No Justice With the Parma Legal System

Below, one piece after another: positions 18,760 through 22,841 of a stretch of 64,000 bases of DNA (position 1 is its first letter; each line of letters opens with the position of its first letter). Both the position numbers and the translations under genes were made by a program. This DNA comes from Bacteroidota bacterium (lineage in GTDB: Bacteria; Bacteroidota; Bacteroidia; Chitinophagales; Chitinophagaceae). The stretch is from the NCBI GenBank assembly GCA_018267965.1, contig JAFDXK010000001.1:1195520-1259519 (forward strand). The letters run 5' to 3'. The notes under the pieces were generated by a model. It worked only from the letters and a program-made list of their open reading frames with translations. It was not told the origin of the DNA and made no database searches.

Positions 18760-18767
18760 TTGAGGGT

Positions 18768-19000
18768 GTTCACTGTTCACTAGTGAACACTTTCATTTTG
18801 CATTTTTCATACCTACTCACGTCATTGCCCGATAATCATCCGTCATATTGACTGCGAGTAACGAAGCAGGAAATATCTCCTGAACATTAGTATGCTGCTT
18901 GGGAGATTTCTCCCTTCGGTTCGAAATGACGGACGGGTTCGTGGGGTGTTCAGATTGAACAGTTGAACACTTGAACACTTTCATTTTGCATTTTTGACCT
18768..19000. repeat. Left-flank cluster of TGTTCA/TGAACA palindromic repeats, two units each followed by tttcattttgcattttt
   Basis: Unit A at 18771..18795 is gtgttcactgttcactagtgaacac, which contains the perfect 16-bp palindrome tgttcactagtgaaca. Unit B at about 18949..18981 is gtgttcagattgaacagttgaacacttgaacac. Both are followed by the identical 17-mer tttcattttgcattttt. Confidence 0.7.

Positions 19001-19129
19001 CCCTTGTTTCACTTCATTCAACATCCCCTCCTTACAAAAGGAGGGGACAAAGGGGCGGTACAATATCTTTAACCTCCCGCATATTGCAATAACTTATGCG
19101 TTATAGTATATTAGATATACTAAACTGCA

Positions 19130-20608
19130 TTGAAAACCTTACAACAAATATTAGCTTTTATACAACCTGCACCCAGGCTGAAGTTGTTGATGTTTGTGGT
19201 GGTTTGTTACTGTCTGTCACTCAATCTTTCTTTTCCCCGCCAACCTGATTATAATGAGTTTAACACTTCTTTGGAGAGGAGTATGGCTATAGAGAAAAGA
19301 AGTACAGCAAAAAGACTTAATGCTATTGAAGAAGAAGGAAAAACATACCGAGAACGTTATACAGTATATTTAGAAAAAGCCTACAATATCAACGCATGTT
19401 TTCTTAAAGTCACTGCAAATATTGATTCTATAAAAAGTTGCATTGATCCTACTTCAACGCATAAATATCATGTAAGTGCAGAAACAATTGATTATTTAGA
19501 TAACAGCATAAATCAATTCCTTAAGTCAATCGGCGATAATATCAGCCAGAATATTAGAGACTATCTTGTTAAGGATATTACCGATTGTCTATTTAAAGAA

Today I went into the Parma municipal court with hopes of being treated fairly. This was not the case. Weeks back in Seven Hills, our street was torn up due to city authorized construction. The details of this project were to tear up and replace the street and replace the bottom half of the driveways on for all residents. During construction on our side of the street, we were were forced to park on the Parma side of the street. I came out one morning to notice a ticket on my car's windshield and a woman city worker who explained what happened and why I recieved this ticket. Apparently there was a man who wanted to park on the Parma side and refused to move his car and demanded police come out to defend his right to park there. After a quarrel with the officer, the man recieved a ticket and demanded the other two cars parked near the stop sign get them as well to be fair. The charge was "parking within 30 ft. of a stop sign." In the case of my Driveway being torn up and not being able to park in Seven Hills due to parking restrictions after 3 a.m., all residents were forced to park on the Parma side for the remainder of the 5 days it took to fix the driveways. Not once did any other cars parked in my same spot any of those days receive tickets due to their offense. After going to contest my ticket, I went in for a preliminary hearing in which I explained to the judge my case and he provided me with a new court date to defend myself. Not once did they ever mention that I could plead for something called "relief," where you plead to have court costs waived as well as the fee for the charge against you, or I would be better off just paying it because the court costs would have been much higher than the ticket. In court today I was found not guilty by the court prosecutor, and when my file was handed to the judge she replied with "It appears your case has been dismissed though I am not sure why, but you will need to go to the cashier's desk and pay for court costs." A $25 dollar ticket which could have easily been paid but now knowing the consequences for defending myself turned into a $72 fine for court costs. I was charged almost 3 times the amount of the ticket. I won my case, I proved my innocence, and yet I came out 3 times more guilty for what? To come out of the courtroom saying "I won"? The Parma justice system did nothing to counsel me on my options, nor did they disclose any vital information to me, saying I was better off pleading guilty and paying the ticket rather than using my right as an American citizen to prove myself innocent. I techincally won my case, but in the end I lost more than I had even imagined. Name withheld upon request Seven Hills

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